The Railyard Executive Chef Jeremiah Zimmerman Steaks a Claim in Gillette’s Perfectly Marbled Red Meat Market.

By: Steph Scarcliff

with Jen Kocher | Photos: Taylor Helton

 

If you’re from the 82717, steak is in your blood. In fact, the robust cattle ranching industry in Campbell County predates even the advent of the county itself, in 1911, by nearly 35 years.

Today, we peek behind the curtain (and step into the kitchen) at The Railyard restaurant inside the historic dining institution that stands at the northeast corner of Gillette Main Street, along the old Chicago, Burlington and Quincy railroad tracks, where the past meets present in downtown Gillette. 

Our “steak out” began with a trip to the kitchen where Executive Chef Jeremiah Zimmerman stood behind a shiny, stainless-steel counter in his black chef’s coat with a carving knife in hand and a big smile on his face.

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An epic journey into The Railyard kitchen that ends with amazing steak.

A couple things stood out at this point: First, the impeccably clean, tidy kitchen caught us a bit off guard as did the almost military orderliness of the chef’s line and kitchen space — with stainless-steel pots and ladles hanging in orderly rows and large white porcelain bowls and plates stacked high on shelves and countertops just so. Second, unlike some of the other kitchens we’ve visited, these people were all happy – from the dishwasher singing along to the song in his earbuds to the woman counting tomatoes to the chef, who was practically beaming as he heaved a large slab of meat onto a cutting board, where he demonstrated his favorite cuts.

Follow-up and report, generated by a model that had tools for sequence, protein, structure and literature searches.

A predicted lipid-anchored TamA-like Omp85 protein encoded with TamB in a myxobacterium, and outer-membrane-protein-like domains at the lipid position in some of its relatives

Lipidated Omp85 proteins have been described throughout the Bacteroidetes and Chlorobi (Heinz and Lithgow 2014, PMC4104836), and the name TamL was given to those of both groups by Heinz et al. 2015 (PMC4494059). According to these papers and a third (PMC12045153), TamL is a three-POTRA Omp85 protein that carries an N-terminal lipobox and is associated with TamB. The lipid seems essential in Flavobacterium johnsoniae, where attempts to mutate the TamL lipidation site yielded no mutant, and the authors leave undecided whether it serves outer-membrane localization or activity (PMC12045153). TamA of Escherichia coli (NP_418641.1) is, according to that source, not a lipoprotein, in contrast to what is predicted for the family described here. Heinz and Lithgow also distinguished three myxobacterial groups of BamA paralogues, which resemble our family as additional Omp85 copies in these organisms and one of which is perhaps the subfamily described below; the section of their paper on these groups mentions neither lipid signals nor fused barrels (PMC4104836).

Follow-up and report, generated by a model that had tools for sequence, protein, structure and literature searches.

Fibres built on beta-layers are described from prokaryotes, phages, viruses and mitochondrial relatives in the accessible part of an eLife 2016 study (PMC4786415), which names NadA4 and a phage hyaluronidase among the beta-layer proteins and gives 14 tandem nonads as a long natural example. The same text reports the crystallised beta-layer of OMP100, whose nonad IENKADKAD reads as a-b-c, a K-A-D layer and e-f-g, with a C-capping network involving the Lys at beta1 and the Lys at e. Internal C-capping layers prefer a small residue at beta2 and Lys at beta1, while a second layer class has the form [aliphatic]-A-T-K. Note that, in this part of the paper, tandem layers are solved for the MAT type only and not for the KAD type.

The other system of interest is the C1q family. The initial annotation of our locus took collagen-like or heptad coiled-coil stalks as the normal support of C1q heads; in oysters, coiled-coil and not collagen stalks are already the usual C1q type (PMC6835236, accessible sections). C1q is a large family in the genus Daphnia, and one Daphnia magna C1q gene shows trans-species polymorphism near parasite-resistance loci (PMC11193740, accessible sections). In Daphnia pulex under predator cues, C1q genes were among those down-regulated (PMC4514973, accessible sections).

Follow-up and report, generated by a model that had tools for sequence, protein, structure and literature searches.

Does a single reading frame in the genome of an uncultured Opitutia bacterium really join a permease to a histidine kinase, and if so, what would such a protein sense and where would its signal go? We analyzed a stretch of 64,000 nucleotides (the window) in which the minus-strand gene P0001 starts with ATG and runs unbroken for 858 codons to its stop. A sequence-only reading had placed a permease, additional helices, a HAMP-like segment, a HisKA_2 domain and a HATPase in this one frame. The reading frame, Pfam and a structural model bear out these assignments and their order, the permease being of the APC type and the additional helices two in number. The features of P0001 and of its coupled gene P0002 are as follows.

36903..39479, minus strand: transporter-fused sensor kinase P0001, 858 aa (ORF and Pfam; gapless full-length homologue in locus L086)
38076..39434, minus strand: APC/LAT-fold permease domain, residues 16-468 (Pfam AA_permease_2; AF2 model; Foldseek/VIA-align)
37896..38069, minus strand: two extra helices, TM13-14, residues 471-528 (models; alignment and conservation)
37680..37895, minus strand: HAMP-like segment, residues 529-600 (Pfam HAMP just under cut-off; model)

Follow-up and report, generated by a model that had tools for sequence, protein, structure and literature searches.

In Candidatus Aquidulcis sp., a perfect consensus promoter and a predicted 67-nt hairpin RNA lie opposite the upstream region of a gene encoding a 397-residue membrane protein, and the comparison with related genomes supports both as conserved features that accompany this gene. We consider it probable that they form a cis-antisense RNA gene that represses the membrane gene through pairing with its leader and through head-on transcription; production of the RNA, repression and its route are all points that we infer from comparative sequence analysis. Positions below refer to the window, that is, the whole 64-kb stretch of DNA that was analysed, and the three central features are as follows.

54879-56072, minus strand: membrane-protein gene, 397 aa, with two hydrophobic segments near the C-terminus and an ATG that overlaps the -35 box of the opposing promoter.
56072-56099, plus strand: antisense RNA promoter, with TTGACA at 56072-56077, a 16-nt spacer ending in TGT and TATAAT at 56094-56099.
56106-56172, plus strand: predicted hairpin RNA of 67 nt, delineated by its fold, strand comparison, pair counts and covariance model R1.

Confession: There’s something sexy about anyone who takes pride in their work, and Chef Jeremiah’s enthusiasm for all things steak (and food in general) put him over the top for us. He came to life as he waxed poetically over hunks of beautiful, raw beef.

This isn’t just any steak, he explained. At The Railyard, their steaks are always hand-cut and aged in-house for 28 days or more. “They’re also locally sourced from ranchers across Wyoming,” he said. 

The global cattle herd totals about 1 billion head, including roughly 95 million raised in the U.S. alone, he explained. Purchasing from local and regional producers, whenever possible, is a coordinated effort to boost the “local premium” by recirculating a greater percentage of revenue both locally and regionally. Both he and General Manager Trey McConnell, who may very well have restaurants coded in his DNA, believe strongly in supporting local producers and the community at large. It’s evident they take these values seriously in the community groups and causes they support and in the way they prepare and serve their steaks.

Having studied under Chef Patrick at The Powder Horn in Sheridan, as well as under top chefs in St. Louis and Denver, Chef Zimmerman, who spoke to us about the importance of good marbelization, premium cuts and intensifying flavors through sauce pairings, offered up three tips for ordering steak: “Never order a steak well done. Season with salt and pepper only, and don’t even think about ketchup. Ever.”

Instead, he prefers to baste The Railyard’s steaks with his original red wine butter sauce that’s been a big hit with customers since the restaurant’s inception in 2016.

Don’t even think

about ketchup.

Ever.

On average, Zimmerman said they go through about 140 lbs. of steak on a Saturday night, or about 50 hand-cut, aged, salt and pepper, red wine butter-basted steaks — all sourced from within the Cowboy State.

Rib Eyes and New York strips are their best-selling cuts. Each steak, he approximated, weighs about 14 – 16 oz., which is roughly a pound or the equivalent of two hamsters, two-and-a-half human hearts or a soccer ball.

He also had a surprise in the freezer that he couldn’t help showing off. He presented an uncut chunk of Waygu beef left over from a recent wine tasting that he and Trey already had big plans for. The Kobe steaks, he predicted, would soon be transformed into an exclusive nightly special. His dimples deepened as he sharpened up a knife and got back to work.

By: Stephanie L. Scarcliff

with Jen C. Kocher

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